Friday, November 10, 2006

Winter Wheat = Existential Questions

Hi, kids.
So, it's Winter Wheat time, and I've already been to sessions. Isn't that great? Total number of sessions I went to last year whilst in charge? 0. I'll admit, I've been to some that didn't really speak to me, just because they weren't a good fit for my current writing life, but I've also been to some that really helped my mind in some way. Actually, I've walked away with at least a little something from every workshop.
Tonight is a reading by Dan Chaon and David Baker, which will be fun. Currently, I should be doing a bit of work, but naturally I'm not. I'll do a bit in a few minutes; drafts and whatnot. My head feels sort of hot, though, like it's drunk in too much noise and thought. It's better than last night's feeling, which was utterly exhausted. I couldn't even meet friends at a restaurant, not for dinner or for afters. Just too bloody tired. In fact, I almost passed out from lack of sleep and lack of food.
Today, I wonder, why am I a writer? What has made me choose this as the core of my career? Well I remember the time when I was meant to decide direction, in the later portion of college as I prepared to grad school. Why writing, and not dance? Why not something else like Lit, or even science? I am at that point in my writing life when I've been out of grad school for a few years, and I'm wondering what I'm fit for, and how many stories I will be able to tell, how many experiences to convey. I somehow need to know why I've made this choice in order to continue it. Do I deserve to be a writer? Is that what I'm supposed to be? My 28th birthday is less than a week away. Has that 28-year-old, white, single, female entity with brown hair and blue eyes made the right decision?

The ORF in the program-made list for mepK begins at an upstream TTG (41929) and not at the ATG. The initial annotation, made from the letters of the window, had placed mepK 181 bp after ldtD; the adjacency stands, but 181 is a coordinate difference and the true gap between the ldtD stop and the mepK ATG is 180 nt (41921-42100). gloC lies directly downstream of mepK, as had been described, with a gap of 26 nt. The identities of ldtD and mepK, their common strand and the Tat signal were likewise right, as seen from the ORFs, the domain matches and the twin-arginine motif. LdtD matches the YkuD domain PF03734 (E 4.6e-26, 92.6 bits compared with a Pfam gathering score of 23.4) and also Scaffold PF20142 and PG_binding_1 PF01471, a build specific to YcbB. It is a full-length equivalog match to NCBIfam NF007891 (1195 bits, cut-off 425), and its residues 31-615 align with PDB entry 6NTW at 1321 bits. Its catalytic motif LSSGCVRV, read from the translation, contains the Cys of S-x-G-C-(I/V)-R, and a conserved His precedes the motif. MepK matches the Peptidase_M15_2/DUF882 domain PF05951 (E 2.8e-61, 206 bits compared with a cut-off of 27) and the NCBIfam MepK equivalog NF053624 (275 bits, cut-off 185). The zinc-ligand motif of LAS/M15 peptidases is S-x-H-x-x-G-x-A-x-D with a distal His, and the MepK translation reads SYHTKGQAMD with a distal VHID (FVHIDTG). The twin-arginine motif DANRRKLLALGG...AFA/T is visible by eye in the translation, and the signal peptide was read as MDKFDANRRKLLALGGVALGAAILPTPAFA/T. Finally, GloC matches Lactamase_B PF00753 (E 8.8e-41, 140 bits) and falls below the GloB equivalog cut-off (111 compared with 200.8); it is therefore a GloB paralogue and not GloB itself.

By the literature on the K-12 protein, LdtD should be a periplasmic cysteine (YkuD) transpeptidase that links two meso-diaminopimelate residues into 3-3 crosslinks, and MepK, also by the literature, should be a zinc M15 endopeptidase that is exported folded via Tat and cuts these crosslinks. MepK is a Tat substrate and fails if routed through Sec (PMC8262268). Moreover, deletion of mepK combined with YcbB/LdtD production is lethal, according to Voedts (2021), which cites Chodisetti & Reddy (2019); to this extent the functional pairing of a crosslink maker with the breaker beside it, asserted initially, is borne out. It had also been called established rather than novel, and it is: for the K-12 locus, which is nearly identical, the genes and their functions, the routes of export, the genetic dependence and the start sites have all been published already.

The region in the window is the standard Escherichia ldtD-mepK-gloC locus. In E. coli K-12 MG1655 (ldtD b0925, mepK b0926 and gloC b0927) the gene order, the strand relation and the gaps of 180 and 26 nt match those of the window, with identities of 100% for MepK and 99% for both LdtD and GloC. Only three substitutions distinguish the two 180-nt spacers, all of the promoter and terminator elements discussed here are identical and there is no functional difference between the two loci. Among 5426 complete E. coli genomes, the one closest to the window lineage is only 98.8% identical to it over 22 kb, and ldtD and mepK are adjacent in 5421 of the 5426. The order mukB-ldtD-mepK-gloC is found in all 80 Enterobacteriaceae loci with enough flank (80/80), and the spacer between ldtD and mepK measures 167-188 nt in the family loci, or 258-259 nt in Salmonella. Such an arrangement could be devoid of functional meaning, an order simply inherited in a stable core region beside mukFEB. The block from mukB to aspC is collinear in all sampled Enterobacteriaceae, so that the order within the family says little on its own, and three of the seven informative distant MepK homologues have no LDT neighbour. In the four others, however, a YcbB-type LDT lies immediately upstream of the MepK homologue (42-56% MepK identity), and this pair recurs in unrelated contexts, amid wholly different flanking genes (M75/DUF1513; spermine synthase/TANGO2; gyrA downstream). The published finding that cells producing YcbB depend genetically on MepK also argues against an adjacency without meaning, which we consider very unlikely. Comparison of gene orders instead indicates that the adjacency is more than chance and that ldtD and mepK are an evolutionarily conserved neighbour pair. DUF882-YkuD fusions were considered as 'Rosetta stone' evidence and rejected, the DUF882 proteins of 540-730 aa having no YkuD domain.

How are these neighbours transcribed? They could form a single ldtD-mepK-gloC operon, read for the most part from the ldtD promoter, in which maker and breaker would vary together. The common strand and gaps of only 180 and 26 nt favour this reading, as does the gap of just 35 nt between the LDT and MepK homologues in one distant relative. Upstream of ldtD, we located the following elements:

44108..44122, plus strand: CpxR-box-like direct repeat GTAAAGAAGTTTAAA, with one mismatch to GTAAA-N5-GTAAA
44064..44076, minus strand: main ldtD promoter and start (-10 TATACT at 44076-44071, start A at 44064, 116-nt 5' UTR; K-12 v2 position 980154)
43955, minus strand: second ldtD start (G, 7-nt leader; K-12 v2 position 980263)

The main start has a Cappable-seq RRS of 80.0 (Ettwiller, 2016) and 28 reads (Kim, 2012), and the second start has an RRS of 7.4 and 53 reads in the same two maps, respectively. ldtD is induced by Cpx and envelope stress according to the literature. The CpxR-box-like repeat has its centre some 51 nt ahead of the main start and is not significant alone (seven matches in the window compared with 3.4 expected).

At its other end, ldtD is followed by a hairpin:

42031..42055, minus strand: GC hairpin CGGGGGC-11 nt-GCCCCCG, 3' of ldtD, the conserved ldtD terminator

1 comment:

Anonymous said...

No matter what you choose as your career, you'll always wonder if you should have chosen something else. I think the best conclusion is to be like Dad: choose one good career, and pursue lots of hobbies with serious interest and skill. Be a Renaissance Woman.

As a writer and teacher, you have some scheduling flexibility to immerse yourself in hobbies and travels.